Resilience Training Activities and Exercises for the Community
Boosting Resilience Through Creativity
Creativity is a resource for coping with stress and increasing resilience. It can be picking up a new creative habit, or seeing things in a different way.
- Get outside your comfort zone to explore with a new craft activity. Consider taking a class or buying tools at a craft store to try something new: drawing, painting, sketching, clay, sewing. YouTube provides many DIY craft ideas and project ranging in skill level, cost, and commitment investment.
- Collage: Collect scraps of ideas, magazine pictures, words, symbols, images, nature items, leaves, petals, etc. Don’t look for immediate connections, yet be open to allowing these scraps to overlap in new ways. Combining ideas and creating new patterns are key practices of creativity. Use the items to make a collage and let the theme emerge.
Mirror Strengths Activity
Adults have the opportunity to help children boost their sense of resilience. Resilience researchers Steven and Sybil Wolin (1993) report that how a child’s self-concept develops over time depends on the environmental mirrors in that child’s life. They discovered that the most meaningful situational protective factor for developing resilience is one or more caring, believing alternate mirrors.
A powerful activity is to recognize and reflect back to a child his or her strengths. Make it a priority to be intentional and explicit to mirror the strengths of children in your life, by communicating:
“I see what is right with you, despite your struggles. And I believe what is right with you is more powerful than anything that is wrong.”
Find a time to take this action today by mirroring someone’s strengths back to them.
The following classroom activities are suggested by Laura Namey in Unleashing the Power of Resilience.
1. Promote self-reflection through literary essays or small-group discussions.
After children have read a book or heard a story that features a heroic character, encourage them to reflect by answering the following questions.
- Who was the hero in this story? Why?
- What challenge or dilemma did the hero overcome?
- What personal strengths did the hero possess? What choices did he or she have to make?
- How did other people support the hero?
- What did the hero learn?
- How do we use the same personal strengths when we overcome obstacles in our own lives? Can you share some examples?
2. Encourage reflection through personal essays.
Writing stories about personal strength can help reinforce resilience building activities for youth. By exploring answers to the following questions, they can foster insight of their strengths and what need in healthy relationships with others.
- Write about a person who supported you during a particularly stressful or traumatic time. How did they help you overcome this challenge? What did you learn about yourself?
- Write about a friend that you supported as he or she went through a stressful event. What did you do that most helped your friend? What did you learn about yourself?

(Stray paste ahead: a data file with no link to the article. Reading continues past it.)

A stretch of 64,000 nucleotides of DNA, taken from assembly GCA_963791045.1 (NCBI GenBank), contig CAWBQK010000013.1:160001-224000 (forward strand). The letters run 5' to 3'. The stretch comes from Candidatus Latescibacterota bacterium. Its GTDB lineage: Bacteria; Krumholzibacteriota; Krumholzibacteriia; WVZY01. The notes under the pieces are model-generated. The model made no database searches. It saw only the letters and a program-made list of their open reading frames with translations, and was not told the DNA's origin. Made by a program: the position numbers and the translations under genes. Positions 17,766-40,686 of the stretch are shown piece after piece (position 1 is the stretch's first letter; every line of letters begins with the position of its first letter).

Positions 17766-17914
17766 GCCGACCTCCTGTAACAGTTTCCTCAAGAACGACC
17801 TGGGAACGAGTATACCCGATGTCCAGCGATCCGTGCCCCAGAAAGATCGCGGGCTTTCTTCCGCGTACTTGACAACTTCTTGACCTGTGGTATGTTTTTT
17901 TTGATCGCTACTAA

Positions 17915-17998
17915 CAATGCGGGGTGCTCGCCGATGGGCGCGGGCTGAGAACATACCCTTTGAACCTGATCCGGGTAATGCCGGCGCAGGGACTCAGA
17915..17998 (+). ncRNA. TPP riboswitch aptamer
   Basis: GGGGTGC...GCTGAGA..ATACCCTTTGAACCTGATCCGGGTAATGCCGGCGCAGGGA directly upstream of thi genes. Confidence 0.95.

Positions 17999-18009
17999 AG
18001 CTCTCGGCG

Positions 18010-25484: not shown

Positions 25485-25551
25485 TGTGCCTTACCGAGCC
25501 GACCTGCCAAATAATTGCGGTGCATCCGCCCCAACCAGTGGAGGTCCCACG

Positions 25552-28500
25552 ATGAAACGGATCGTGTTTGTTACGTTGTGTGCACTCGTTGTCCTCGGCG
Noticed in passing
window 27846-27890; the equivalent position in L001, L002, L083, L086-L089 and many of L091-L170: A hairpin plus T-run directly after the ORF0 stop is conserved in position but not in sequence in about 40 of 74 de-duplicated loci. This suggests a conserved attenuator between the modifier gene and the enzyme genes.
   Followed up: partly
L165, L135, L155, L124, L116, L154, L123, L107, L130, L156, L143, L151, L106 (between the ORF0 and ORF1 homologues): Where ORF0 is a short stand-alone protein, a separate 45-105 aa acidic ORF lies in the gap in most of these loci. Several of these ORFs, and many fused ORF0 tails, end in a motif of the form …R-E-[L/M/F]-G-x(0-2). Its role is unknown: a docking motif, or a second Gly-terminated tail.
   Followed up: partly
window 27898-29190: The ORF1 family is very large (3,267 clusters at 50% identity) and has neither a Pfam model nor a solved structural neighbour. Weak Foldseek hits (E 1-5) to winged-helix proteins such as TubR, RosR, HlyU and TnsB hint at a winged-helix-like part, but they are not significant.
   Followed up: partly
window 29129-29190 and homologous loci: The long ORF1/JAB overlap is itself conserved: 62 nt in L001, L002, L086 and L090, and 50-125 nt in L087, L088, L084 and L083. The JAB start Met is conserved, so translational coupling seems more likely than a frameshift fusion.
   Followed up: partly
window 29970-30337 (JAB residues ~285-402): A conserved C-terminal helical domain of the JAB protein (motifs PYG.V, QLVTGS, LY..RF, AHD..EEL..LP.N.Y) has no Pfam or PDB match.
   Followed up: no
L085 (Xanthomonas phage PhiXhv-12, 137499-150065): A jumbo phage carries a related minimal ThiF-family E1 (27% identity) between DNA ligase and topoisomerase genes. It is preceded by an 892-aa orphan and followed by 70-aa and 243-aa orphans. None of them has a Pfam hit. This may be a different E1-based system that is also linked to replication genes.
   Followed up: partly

- Write about a time in your life when you had to cope with a difficult situation. What helped and hindered you as you overcame this challenge? What learning did you take away that will help you in the future?
3. Schedule discussions about human resilience into the classroom.
In order to raise awareness, schedule class time to discuss how resilience is connected to personal success and positive social change. Share examples of figures they are familiar with and how they overcame obstacles to reach their goals.
Ten Minutes/day Gaming Activity
SuperBetter is a gaming app designed to increase resilience. Jane McGonigal, stress researcher, designed the game to help people become more capable of getting through any tough situation and more likely to achieve the goals that matter most. Her research supports the positive impact of such gaming on resilience, even in only 10 minutes/day.
Gaming activities provide a way to bring the strengths you already demonstrate in life: optimism, creativity, courage, and determination. It provides a safe space to practice these skills, then transfer them into real life. Play SuperBetter Games 10 Minutes a Day.
Watch Kelly McGonigal’s Ted Talk on creating the gaming app here:
More Free Resilience Training Materials & Resources
Stress Conversion Activity
Take a break to foster resilience. Psychobiology expert Ernest Rossi, Ph.D. studies ultradian rhythms and how they impact our ability to focus and be effective.
In his book The 20 Minute Break (Tarcher, 1991), Rossi reports how people have a biological need to take a 20-minute break after 90 minutes of activity in order to operate at peak efficiency and effectiveness. He identifies the process of rest as a “stress conversion” exercise. Not only does it feel good to take a break, it is a scientifically replenishing experience to build resilience.